In response, Gibbons claimed that he had the right to operate on the route pursuant to 1793 Act of Congress regulating coastal commerce.0814

We are going to see in the end, is that chief Justice Marshall ruled for Gibbons,0826

holding that New York’s exclusive grant to Ogden violated the Federal licensing act of 1793.0832

He is going to interpret the commerce clause of the United States for the first time.0840

This reads that Congress shall have power to regulate commerce among the several states.0849

According to the court, the word commerce included not just articles in interstate but also the intercourse among the states including navigation.0855

Here we go, we are going to see that this will nullify a state grant giving an exclusive right to use navigable waters within a state.0868

Again, the significance of it that this court strengthened Congress' power to regulate interstate commerce, 0879

showing the supremacy of the national government and its power, the Federal government.0888

The next one is going to relate to Native American relations.0904

As you may remember that in the constitution, the status of Native Americans was actually quite vague.0910

This is in the context of the aftermath of the revolutionary war.0920

I will explain some background for this as well.0929

Two grants were made over the same parcel of land.0933

The first was made to two Indian tribes prior to the American revolutionary war.0937

A second grant was made to the United States.0944

The second grant, the United States had received the land by virtue of its capture from British troops during the revolutionary war.0948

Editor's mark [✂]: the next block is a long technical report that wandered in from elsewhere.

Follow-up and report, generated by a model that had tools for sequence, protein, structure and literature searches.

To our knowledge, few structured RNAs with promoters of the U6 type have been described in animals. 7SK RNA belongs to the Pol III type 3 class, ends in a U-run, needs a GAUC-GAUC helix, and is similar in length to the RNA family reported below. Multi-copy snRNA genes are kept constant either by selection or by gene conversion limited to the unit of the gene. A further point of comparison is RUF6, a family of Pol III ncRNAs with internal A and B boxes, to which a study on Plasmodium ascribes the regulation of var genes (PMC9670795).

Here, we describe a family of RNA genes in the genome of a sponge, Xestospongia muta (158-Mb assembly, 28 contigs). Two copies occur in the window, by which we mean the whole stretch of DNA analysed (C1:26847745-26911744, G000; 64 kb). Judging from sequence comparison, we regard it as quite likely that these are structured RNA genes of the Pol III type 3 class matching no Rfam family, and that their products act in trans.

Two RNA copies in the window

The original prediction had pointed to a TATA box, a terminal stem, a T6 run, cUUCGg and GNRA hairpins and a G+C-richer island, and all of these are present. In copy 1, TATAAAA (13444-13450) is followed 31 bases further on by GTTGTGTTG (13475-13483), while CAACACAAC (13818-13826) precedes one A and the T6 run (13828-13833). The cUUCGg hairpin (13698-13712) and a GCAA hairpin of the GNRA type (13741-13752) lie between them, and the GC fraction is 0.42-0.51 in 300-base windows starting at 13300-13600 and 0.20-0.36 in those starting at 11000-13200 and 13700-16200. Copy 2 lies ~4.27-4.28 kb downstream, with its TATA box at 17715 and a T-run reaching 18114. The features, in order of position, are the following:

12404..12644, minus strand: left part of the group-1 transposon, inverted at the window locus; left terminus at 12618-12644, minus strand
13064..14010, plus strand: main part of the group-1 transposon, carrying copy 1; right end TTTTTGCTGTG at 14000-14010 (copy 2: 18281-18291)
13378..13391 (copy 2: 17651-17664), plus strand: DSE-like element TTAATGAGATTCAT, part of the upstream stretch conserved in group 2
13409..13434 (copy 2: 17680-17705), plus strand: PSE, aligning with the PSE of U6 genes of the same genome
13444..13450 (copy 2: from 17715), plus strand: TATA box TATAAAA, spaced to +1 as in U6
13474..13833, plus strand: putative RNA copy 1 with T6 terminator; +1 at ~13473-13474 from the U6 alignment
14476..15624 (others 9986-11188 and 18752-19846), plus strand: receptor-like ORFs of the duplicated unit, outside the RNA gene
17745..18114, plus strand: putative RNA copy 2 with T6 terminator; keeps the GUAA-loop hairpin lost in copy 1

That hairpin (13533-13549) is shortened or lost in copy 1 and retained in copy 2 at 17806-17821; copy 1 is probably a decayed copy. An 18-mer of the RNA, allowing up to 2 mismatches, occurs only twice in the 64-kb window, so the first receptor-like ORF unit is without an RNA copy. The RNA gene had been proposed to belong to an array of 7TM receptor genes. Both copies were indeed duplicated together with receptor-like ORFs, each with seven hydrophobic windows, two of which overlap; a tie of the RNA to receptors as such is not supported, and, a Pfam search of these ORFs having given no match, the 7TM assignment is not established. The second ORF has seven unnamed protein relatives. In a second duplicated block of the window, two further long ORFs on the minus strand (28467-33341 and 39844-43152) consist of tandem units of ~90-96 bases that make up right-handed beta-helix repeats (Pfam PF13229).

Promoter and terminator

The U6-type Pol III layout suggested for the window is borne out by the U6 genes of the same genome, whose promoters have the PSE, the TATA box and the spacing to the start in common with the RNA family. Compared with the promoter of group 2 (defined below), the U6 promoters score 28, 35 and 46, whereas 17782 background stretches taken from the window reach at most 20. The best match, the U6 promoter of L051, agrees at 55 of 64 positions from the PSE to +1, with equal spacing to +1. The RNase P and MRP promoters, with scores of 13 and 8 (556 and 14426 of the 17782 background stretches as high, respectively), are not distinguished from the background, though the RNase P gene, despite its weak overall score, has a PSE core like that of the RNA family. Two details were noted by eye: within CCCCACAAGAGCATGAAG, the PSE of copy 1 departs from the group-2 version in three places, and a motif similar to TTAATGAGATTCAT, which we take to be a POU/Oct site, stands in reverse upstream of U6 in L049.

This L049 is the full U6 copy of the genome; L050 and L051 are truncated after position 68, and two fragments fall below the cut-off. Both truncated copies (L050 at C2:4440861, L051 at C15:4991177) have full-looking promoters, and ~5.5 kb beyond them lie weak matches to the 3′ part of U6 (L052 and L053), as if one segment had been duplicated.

The United States kept this land until 1819 and then sold it, 0956

claiming its rights to own the land through having seized it during the revolutionary war.0960

The question at hand at the time, do Native Americans have the power to sell land?0968

Another question related in this court case, as occupants of the land, can Native American sell it to settlers?0977

Can mere occupants of the land have the right to sell or transfer the title of the land?0985

This is what happened.0991

The Illinois and Chikasaw tribe sold land to white settlers but later signed a treaty with the Federal government, 0992

ceding territory that included the same parcels to the United States.1000

What we are going to see is that the court decided that Native Americans had a right to their tribal lands,1005

and that only the Federal government could buy or take from the tribes and not from individuals.1012

There is another aspect to this that also could be viewed as offensive.1021

This is showing that it is the Federal government that has the right to buy and take land,1026

and not individuals, especially, land that had been confiscated from the British.1034

Of course, Native Americans were very vulnerable because they were protected previously by the British.1040

And now here we are seeing that they are going to be vulnerable to lose land.1046

That if they ended up acquiring land on their own, they should be able to buy and sell it.1052

Very significant court case, and clarifying the role of Native Americans and their right to property, or lack, thereof.1060

Another case, this, we will come back to actually when we talk about the Andrew Jackson administration in a few lessons.1072

This one, Worcester vs. Georgia.1082

This is a little bit later in 1832 but I also think it is important to bring up, at this point in time,1085

just to tie together all of the different court cases under John Marshall.1092

What we are going to see is that, this is one of the two major court cases involving Cherokee Native Americans.1101

We are going to see that the court ends up invalidating Georgia’s laws 1111

that attempted to regulate access by U.S. citizens to Cherokee country.1117

This one, in many ways, ties to the last one, that only the Federal government can do that, not states or local governments.1123

This is also going to be very significant because Native American sovereignty was established officially.1133